John Mitchel was born to a radical Presbyterian minister, in Dungiven, Ireland, in 1815. He studied at Trinity College, Dublin and became a lawyer and journalist. An outspoken nationalist, his love for Ireland led him to establish the United Irishman newspaper in 1848, but his impassioned articles soon led to his arrest on a charge of treason. Found guilty, he was sentenced to 14 years’ transportation to Van Dieman’s Land (Tasmania). In 1853 he escaped and made his way to the United States. He settled in the south where he published a newspaper, and gave three sons to the Confederate cause in the American Civil War. His eldest son, Captain John C. Mitchel, served in the South Carolina Regular Artillery, which opened the barrage on Fort Sumter on April 12, 1861 which started the war. Later on July 20, 1864, he was killed commanding a battery at Fort Sumter. As he lay dying, he uttered, in paraphrase the last words of Patrick Sarsfield, the Earl of Lucan (killed at Landen, Holland, 1693), I willingly give my life for South Carolina. Oh, that I could have died for Ireland! Those words are inscribed on his headstone in nearby Magnolia Cemetery, in a plot surrounded by a replica of Fort Sumter.
His youngest son, Willie, was killed in Pickett’s Charge at Gettysburg. After the battle, members of the Union Army’s Irish Brigade, learned from Confederate Irish captives that John Mitchel’s son had fallen on the field. They left a detachment behind to locate the body. It was discovered in a shallow grave – one of the only ones to be buried during the fierce battle – wrapped in a blanket secured with three pins and a note attached that read, Willie Mitchel, son of an Irish patriot. Another son, James, survived the war but lost an arm in combat.
Old John himself returned to Ireland in 1874 and the following year was elected to the House of Commons from Tipperary. Denied his seat because he was considered a felon, he returned to his constituency and was overwhelmingly re-elected. However, he died before he could take his seat.
After the Civil War, John’s only surviving son, James, relocated to New York and settled in the Fordham section of the Bronx. There he had a son whom he named after his father. Somehow, the family had become Roman Catholic and young John Purroy Mitchel was raised with the same strong sense of patriotism and civic duty that marked his grandfather’s family. After graduating Law School, he became an incorruptible reformer fighting the graft of Tammany Hall. His successes led him to become the youngest man ever elected Mayor of New York City (1914-1917) at age 34.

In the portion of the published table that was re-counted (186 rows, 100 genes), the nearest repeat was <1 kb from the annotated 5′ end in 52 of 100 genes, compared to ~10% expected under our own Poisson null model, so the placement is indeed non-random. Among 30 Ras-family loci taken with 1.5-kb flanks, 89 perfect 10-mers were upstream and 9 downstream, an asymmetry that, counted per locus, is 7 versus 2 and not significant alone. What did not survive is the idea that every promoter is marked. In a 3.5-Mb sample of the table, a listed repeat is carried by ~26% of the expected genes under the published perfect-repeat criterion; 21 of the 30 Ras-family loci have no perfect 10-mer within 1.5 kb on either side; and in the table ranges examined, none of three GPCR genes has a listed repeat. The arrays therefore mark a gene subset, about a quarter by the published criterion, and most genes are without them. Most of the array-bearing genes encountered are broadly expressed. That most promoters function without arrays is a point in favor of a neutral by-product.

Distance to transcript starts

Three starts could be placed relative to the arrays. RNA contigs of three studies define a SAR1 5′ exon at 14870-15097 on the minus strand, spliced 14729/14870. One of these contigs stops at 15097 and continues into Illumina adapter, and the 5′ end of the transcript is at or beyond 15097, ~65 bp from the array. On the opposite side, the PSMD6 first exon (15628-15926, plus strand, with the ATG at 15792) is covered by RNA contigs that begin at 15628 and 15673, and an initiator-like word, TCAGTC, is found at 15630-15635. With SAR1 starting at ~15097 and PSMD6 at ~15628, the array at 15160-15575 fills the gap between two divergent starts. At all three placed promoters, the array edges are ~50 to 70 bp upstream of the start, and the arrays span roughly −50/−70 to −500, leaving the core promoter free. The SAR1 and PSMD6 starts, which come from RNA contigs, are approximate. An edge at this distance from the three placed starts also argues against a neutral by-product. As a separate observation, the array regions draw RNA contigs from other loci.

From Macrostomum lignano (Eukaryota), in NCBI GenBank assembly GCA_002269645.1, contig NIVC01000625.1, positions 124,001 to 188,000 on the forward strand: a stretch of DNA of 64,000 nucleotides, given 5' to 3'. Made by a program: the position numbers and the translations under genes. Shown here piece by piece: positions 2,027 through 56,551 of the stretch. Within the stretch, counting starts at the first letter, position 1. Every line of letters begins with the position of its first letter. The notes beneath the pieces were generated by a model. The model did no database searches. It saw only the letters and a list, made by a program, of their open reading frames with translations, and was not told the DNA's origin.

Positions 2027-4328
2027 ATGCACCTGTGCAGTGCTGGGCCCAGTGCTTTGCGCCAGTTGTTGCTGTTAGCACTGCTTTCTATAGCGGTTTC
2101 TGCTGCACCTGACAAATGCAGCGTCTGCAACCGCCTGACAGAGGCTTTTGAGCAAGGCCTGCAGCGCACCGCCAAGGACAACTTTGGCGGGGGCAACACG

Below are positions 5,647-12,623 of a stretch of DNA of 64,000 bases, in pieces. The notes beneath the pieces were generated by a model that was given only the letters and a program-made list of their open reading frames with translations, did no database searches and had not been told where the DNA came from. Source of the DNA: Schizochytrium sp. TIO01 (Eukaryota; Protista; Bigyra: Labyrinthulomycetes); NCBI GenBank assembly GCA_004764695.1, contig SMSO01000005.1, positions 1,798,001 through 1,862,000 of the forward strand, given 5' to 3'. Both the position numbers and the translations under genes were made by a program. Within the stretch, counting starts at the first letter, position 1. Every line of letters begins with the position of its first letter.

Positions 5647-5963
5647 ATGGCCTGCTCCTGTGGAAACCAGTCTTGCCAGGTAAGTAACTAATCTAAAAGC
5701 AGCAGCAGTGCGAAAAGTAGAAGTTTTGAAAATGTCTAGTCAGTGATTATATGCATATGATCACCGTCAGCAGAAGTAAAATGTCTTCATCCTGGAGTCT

While in office Mitchel cut waste, improved accounting practices, and professionalized the city’s civil service by standardizing salaries and work guidelines for municipal employees. Widely known as the “Boy Mayor,” he also fought police corruption, instituted the nation’s first zoning guidelines, and appointed the first woman to lead a major municipal agency in any U.S. city.
After his term as Mayor, World War I was raging and young John joined the new Army Aviation Service. Sadly, he was killed in an accident during a training flight in Louisiana; he was only 38 years old. New York and the nation responded with a flurry of eulogies and memorials, including a memorial at the entrance to New York’s Central Park on 5th Avenue at 90th Street. The next time you end the NY St. Patrick’s Parade at 86th and Fifth, walk up a few blocks and check it out. Also named in honor of this beloved public servant and American patriot was Mitchel Square, a small triangular park in Manhattan, at St. Nicholas Avenue and 166th Street; and Mitchel Field, a former Army Air Service airfield on Long Island from where Charles Lindbergh took off on the first trans Atlantic flight to Paris. As he flew over Ireland, I wonder if Lucky Lindy realized he was flying over the resting place of the grandfather of the man for whom his point of departure was named. Among the many eulogies given at Mitchel’s passing, President Theodore Roosevelt was moved to say,…”No stauncher American, no abler public servant, and no finer natural soldier than [John] Purroy Mitchel was to be found in all our country.”
John Purroy Mitchel’s patriotism for America was a reflection of his grandfather’s patriotism for Ireland. It seems that the apple really doesn’t fall far from the tree.